Bethel Park vibrator pays tribute to his brother with new album

When considering a musical instrument to pursue, many young men’s thoughts turn to percussion, especially the primary allure of beating on a drum set.

It was Lou Lucarelli’s selection at the time. But eventually he decided to study a second, lesser-known percussion instrument.

“I played drums half my life, then I started bringing my drums and vibraphone to work,” the Bethel Park resident said. “If someone came, they could play drums and I would play vibes. I did this for a number of years and then the battery kind of gave up. And I’m a vibista now.

His skill in using mallets to coax the bright sounds of tuned metal bars is evident on “Alone Again, Unnaturally,” a new album of a dozen original jazz compositions performed by the Louis Lucarelli Jazz Quintet. Along with the 10 songs Lou wrote, there are two by his older brother, Jerry, a keyboardist and saxophonist who died in 2016.

“One was for his wife. It’s called ‘Blues for Sally’,” Lucarelli said, and his combo often performs the piece live, especially when the subject matter is present. Jerry’s other song on the album is “Anna’s Bossa Newva”, named after his granddaughter.

A CD launch event is scheduled from 2-5 p.m. on Nov. 6 at Giant Oaks Winery in Finleyville. Lucarelli will be joined by the other members of his quintet: Andy Yalch, piano; Johnny Vann, saxophone; Bob Patterson, bass; and Rich Scampone, drums.

Jerry and Lou Lucarelli collaborated on a 2004 album, “The Mushroom Queen,” a jazz-rock fusion exploration credited to the New Millennium Jazz Project, with the brothers splitting songwriting credits down the middle.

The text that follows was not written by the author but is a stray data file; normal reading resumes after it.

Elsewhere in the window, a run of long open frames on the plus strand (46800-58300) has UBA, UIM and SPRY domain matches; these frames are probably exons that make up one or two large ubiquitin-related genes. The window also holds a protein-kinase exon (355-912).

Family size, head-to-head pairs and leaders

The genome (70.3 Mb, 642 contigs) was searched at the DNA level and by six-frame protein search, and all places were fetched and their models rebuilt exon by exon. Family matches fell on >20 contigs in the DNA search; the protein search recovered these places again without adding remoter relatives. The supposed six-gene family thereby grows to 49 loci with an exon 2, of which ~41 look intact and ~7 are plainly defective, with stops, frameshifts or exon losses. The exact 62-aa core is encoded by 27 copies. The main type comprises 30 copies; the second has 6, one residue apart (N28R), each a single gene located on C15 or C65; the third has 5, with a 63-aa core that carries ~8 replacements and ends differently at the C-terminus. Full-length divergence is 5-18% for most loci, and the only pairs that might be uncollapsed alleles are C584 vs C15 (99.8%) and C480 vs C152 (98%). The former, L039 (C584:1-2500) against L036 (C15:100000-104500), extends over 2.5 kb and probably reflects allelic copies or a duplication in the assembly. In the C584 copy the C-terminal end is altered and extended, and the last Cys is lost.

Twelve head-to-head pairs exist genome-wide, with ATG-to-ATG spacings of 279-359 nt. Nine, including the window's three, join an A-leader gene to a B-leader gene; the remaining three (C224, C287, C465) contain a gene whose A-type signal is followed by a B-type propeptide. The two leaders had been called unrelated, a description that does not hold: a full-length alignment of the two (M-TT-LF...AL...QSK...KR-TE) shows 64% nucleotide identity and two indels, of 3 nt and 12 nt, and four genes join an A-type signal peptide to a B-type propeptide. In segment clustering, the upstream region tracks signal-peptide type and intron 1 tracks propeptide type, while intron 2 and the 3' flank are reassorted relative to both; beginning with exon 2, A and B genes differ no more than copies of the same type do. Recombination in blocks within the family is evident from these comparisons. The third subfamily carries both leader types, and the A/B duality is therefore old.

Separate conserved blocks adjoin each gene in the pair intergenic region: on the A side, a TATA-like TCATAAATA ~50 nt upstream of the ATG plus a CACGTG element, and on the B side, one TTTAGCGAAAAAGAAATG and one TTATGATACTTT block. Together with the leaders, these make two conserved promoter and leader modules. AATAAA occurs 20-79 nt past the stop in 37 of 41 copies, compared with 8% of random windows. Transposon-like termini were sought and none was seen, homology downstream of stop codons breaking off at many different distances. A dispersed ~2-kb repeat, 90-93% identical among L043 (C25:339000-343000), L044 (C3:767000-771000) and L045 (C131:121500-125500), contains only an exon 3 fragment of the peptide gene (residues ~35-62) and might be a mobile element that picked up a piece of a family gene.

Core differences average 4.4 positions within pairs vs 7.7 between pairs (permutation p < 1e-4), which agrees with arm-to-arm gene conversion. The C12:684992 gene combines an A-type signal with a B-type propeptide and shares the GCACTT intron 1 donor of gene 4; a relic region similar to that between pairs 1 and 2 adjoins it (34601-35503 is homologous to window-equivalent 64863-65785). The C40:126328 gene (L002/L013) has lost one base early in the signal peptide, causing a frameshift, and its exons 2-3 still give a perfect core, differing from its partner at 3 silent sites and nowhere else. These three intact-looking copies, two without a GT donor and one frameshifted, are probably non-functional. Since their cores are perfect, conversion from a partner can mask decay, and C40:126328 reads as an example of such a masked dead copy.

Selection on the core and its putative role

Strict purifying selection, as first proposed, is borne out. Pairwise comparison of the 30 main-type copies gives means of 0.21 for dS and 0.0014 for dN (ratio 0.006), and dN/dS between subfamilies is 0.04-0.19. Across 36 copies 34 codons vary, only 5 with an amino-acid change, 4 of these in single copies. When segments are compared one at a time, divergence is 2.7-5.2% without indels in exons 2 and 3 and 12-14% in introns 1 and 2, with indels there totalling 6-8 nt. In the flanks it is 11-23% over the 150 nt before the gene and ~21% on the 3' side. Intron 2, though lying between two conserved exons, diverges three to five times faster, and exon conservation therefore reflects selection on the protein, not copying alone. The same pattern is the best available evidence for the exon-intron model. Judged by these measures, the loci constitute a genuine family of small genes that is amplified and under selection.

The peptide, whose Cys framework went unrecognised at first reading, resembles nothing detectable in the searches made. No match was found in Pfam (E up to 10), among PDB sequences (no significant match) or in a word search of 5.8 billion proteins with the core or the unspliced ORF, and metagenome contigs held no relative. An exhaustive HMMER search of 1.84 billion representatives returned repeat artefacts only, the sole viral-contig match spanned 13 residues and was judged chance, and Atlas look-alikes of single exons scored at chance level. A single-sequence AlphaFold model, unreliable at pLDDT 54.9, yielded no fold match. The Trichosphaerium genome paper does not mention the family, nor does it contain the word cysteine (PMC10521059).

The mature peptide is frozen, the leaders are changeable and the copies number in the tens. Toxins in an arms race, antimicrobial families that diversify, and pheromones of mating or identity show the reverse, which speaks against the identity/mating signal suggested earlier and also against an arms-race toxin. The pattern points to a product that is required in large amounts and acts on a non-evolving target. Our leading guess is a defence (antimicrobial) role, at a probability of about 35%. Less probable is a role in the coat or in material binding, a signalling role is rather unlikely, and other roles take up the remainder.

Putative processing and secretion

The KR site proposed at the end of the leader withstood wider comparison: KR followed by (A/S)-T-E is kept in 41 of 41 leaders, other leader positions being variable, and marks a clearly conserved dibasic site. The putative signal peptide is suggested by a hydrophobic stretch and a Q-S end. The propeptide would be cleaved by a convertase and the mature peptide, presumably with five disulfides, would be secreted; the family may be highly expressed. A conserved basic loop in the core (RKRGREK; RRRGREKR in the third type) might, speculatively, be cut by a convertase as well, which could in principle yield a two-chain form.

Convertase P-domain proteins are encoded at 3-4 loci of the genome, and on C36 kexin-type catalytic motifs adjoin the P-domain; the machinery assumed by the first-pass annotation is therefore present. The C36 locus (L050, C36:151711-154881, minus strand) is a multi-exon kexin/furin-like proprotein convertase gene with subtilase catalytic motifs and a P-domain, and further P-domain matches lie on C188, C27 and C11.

Originally from Carrick, the two Lucarellis had the opportunity to perform with the US Army Band, Lou while serving in Vietnam from 1967 to 1968. Jerry served in Germany and performed there during the “Ich Bin Ein Berliner” by John F. Kennedy in 1963.

Both attended West Liberty College in West Virginia after their military service. Lou majored in teaching percussion and went on to a long career teaching for Pittsburgh Public Schools.

He also pursued his own training in percussion, studying with drummer Eugene “Babe” Fabrizi (1916-1996), who owned a music store in Wilkinsburg and had accompanied Gene Krupa, Buddy Rich, Les Paul and Mary Ford.

On vibrations, Lou received lessons from Al Secen (1933-2020), who played the instrument for the Lawrenceville-based band The Silhouettes.

“And obviously my brother helped me too,” he said.

His vibraphone influences include jazz luminaries Milt Jackson, Gary Burton and Bobby Hutcherson, as well as Lionel Hampton, the vibist who shot the instrument to international prominence while performing with Benny Goodman’s band.

Lucarelli recalls having the opportunity to meet Hampton at a long-closed venue called the Flying Carpet Motor Lodge near the former Greater Pittsburgh International Airport.

“They used to bring people for gigs, and I was playing drums there in their living room. Lionel Hampton came in, and the drummer who played with him, I was in the army with him,” he said. “So he brought me back. Lionel Hampton was eating in the kitchen, and he introduced me to him. The nicest guy in the world.

Returning to the heyday of jazz, the cover of “Alone Again, Unnaturally” is reminiscent of many releases of the genre from the 1950s and 1960s, featuring Lucarelli dressed elegantly in an overcoat, jacket and tie all holding four mallets. Judit Martinez’s photography also features an industrial backdrop in Pittsburgh’s Station Square which further contributes to the nostalgic vibe.

Inside the CD packaging is a photo collage showing Lou with his brother. Combined with the inclusion of Jerry’s compositions and the superb quality of the musicianship, the overall project is a beautiful tribute to a much missed member of the family.

For more information, visit www.facebook.com/lucarellijazz.

Harry Funk is a news editor for Tribune-Review. You can contact Harry at [email protected]

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